Jul. 27—The wildfire burning just west of Yosemite National Park near Midpines in Mariposa County grew by over 500 acres throughout Tuesday, measuring at just over 18,532 acres with 32% containment as of Wednesday morning.
The Oak Fire in Mariposa County has burned down 55 structures and threatened over 2,000 other structures. The cause remains under investigation.
One home in the fire’s path on Triangle Road was leveled but for a chimney, a wood-burning stove and a propane tank in what had been a corner of the house. Among the gray ashes and twisted remains were the remnants of a few recognizable things: a washer and dryer, a filing cabinet, some keys.
While extreme drought conditions, tough terrain and an abundance of dry, dead trees allowed the fire to spread quickly, slightly elevated humidity levels which lowered temperatures in the area aided in the firefight, Cal Fire said. As of Tuesday evening, an infared flight over the fire showed minimal heat in Lushmeadows and surrounding communities which are at risk. Firefighting crews were also able to hold and improve fire defenses in the Mariposa Pines area.
U.S. Forest Service officials barred people from entering all of the Sierra National Forest within the Oak Fire’s perimeter through Aug. 19, amounting to a huge swath of forestland.
The blaze, California’s largest wildfire of the year so far, has raged since last week. Just hours after the fire sparked, over 5,000 people were evacuated, but no injuries or fatalities have been reported, Cal Fire said. An evacuation center was opened at Mariposa Elementary School. By Tuesday evening, several evacuation orders were reduced to fire advisement.
“The faster we can reinforce the line to the south and the faster we can cool the hotspots around the structures, the faster we can get residents back in,” said Cal Fire Operations Section Chief Justin Macomb, adding he’d grown more optimistic Monday than in previous days.
In the hills outside Mariposa, where the fire devoured houses in small towns like Bootjack, some areas were charred piles of rubble and surviving chimneys while other homes and hillsides were spared.
Farther east, on Jerseydale Road in the hills northeast of Mariposa, the landscape turned ashen with little but a forest of mostly charred pine and oak trees left behind.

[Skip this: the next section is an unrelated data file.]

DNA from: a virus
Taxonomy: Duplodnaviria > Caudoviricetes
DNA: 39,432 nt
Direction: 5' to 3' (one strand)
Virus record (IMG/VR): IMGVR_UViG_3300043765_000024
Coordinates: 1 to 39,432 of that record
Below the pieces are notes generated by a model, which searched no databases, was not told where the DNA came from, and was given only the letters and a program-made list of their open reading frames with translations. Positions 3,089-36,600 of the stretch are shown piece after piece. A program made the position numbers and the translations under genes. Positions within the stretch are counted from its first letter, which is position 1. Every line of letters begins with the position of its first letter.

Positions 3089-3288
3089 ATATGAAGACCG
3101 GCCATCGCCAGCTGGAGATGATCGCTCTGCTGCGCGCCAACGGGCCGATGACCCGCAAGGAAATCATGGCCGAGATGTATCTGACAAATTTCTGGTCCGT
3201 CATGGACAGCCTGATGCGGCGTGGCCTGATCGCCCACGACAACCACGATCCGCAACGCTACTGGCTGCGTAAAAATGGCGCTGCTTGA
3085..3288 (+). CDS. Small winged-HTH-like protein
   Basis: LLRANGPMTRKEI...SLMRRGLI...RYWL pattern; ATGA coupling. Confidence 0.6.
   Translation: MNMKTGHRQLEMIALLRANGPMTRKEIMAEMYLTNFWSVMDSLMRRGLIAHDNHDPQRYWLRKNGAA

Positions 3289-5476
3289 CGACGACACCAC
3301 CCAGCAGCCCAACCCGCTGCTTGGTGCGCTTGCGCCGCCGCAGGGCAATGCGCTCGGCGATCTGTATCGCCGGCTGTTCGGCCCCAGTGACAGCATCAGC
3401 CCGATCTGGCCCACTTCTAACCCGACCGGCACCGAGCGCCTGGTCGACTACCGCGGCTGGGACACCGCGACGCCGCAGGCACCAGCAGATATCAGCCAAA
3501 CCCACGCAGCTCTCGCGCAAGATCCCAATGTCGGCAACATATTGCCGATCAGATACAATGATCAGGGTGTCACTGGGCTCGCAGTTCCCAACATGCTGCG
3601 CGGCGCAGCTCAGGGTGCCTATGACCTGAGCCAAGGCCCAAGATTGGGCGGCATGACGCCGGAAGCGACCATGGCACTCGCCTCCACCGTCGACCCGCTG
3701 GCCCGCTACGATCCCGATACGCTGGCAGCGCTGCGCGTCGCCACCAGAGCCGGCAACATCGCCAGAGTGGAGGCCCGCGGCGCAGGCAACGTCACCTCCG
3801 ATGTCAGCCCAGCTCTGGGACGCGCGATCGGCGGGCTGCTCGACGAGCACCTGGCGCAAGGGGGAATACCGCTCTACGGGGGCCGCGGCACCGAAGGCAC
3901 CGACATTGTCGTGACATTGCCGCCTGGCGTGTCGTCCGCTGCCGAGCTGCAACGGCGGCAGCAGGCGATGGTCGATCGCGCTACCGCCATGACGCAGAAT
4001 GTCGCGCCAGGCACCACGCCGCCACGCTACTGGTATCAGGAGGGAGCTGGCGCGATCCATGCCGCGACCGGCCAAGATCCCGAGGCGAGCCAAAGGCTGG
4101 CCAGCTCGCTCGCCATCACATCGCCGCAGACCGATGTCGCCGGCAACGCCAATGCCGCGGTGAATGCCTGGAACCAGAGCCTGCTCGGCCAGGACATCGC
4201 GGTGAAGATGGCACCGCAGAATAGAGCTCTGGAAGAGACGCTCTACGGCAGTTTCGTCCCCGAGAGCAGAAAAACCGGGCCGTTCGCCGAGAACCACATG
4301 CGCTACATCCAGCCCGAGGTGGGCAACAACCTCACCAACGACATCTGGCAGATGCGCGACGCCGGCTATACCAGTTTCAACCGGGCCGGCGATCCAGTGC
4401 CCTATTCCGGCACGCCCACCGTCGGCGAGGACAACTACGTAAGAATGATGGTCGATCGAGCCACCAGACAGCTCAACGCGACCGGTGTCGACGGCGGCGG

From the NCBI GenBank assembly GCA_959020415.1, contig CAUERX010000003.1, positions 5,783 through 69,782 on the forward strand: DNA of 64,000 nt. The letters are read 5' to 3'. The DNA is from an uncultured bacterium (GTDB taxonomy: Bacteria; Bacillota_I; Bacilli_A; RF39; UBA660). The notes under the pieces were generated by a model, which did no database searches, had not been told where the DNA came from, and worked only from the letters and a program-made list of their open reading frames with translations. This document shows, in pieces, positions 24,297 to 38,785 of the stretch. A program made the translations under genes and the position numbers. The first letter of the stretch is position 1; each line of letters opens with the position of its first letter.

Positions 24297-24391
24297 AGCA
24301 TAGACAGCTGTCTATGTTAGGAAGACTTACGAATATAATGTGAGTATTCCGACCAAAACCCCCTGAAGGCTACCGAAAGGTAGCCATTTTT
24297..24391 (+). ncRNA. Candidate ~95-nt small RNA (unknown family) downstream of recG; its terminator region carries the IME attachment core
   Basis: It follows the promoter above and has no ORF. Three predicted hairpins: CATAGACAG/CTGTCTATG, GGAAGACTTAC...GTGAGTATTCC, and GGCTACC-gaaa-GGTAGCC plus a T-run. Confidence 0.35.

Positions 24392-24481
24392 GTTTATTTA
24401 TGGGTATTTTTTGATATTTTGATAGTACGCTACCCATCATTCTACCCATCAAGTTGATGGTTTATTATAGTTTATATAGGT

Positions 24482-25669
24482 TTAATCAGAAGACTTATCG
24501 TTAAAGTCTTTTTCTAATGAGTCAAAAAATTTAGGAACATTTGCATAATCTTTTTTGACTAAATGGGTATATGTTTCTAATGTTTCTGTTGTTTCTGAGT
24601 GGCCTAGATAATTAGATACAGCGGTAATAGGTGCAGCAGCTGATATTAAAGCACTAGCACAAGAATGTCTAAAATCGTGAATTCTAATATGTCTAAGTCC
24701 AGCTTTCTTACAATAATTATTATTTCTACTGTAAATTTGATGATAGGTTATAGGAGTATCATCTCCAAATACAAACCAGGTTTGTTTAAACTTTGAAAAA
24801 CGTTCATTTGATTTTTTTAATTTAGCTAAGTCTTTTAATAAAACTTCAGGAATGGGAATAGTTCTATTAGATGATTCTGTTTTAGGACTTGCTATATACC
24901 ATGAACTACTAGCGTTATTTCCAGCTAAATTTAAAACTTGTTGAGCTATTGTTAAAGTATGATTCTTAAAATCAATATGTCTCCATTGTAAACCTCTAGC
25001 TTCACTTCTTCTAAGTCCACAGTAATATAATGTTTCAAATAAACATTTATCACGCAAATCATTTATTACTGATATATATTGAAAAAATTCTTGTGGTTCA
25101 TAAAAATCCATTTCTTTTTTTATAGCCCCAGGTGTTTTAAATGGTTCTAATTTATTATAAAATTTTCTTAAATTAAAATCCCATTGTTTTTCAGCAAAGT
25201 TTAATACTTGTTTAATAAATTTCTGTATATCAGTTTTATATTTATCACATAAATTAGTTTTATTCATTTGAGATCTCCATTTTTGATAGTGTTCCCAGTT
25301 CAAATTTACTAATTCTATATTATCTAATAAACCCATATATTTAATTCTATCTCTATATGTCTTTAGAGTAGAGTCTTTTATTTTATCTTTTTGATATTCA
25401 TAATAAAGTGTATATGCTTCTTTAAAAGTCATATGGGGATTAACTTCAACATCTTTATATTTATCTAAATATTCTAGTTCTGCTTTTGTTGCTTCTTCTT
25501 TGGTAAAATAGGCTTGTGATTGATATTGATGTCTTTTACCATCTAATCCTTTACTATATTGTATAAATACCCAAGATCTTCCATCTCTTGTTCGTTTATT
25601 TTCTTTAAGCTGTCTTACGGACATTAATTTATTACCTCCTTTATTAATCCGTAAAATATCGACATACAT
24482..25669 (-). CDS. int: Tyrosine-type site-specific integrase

Nearby, Cal Fire was focusing its efforts on a burning mountain with bulldozers, hand crews and helicopters battling the smoky blaze. Helicopters filled their tanks in a pond behind homes on Jerseydale Road and headed toward where the fire remained most active.
While firefighters focused on the firefight in the Jerseydale area Tuesday, in places where the fire had already delivered its devastation, Pacific Gas and Electric Co. and other utility crews were busy inspecting damage and starting to restore service.
Cal Fire reported Monday was a successful day, with aircraft and fire crews managing to keep spread to a minimum. Helicopters dropped 300,000 gallons of water on the fire Monday, Cal Fire said.
The Oak Fire comes just two weeks after the start of the Washburn Fire in Yosemite National Park. That fire had burned 4,875 acres and was 87% contained as of Tuesday. Over 3,000 firefighters are currently battling the blaze, and more crews will be sent north to assist.
The Bay Area Air Quality Management District issued an air quality advisory through at least Wednesday. Officials on Monday said they expected air quality to remain in the good to moderate range, with smoke “expected to remain aloft,” though hazy skies might be visible.
The Bay Area office of the National Weather Service said Monday that smoke was not expected at elevations below 10,000 to 12,000 feet, and most people in the area likely would not be able to smell it.
(c)2022 the San Francisco Chronicle
Visit the San Francisco Chronicle at www.sfchronicle.com
Distributed by Tribune Content Agency, LLC.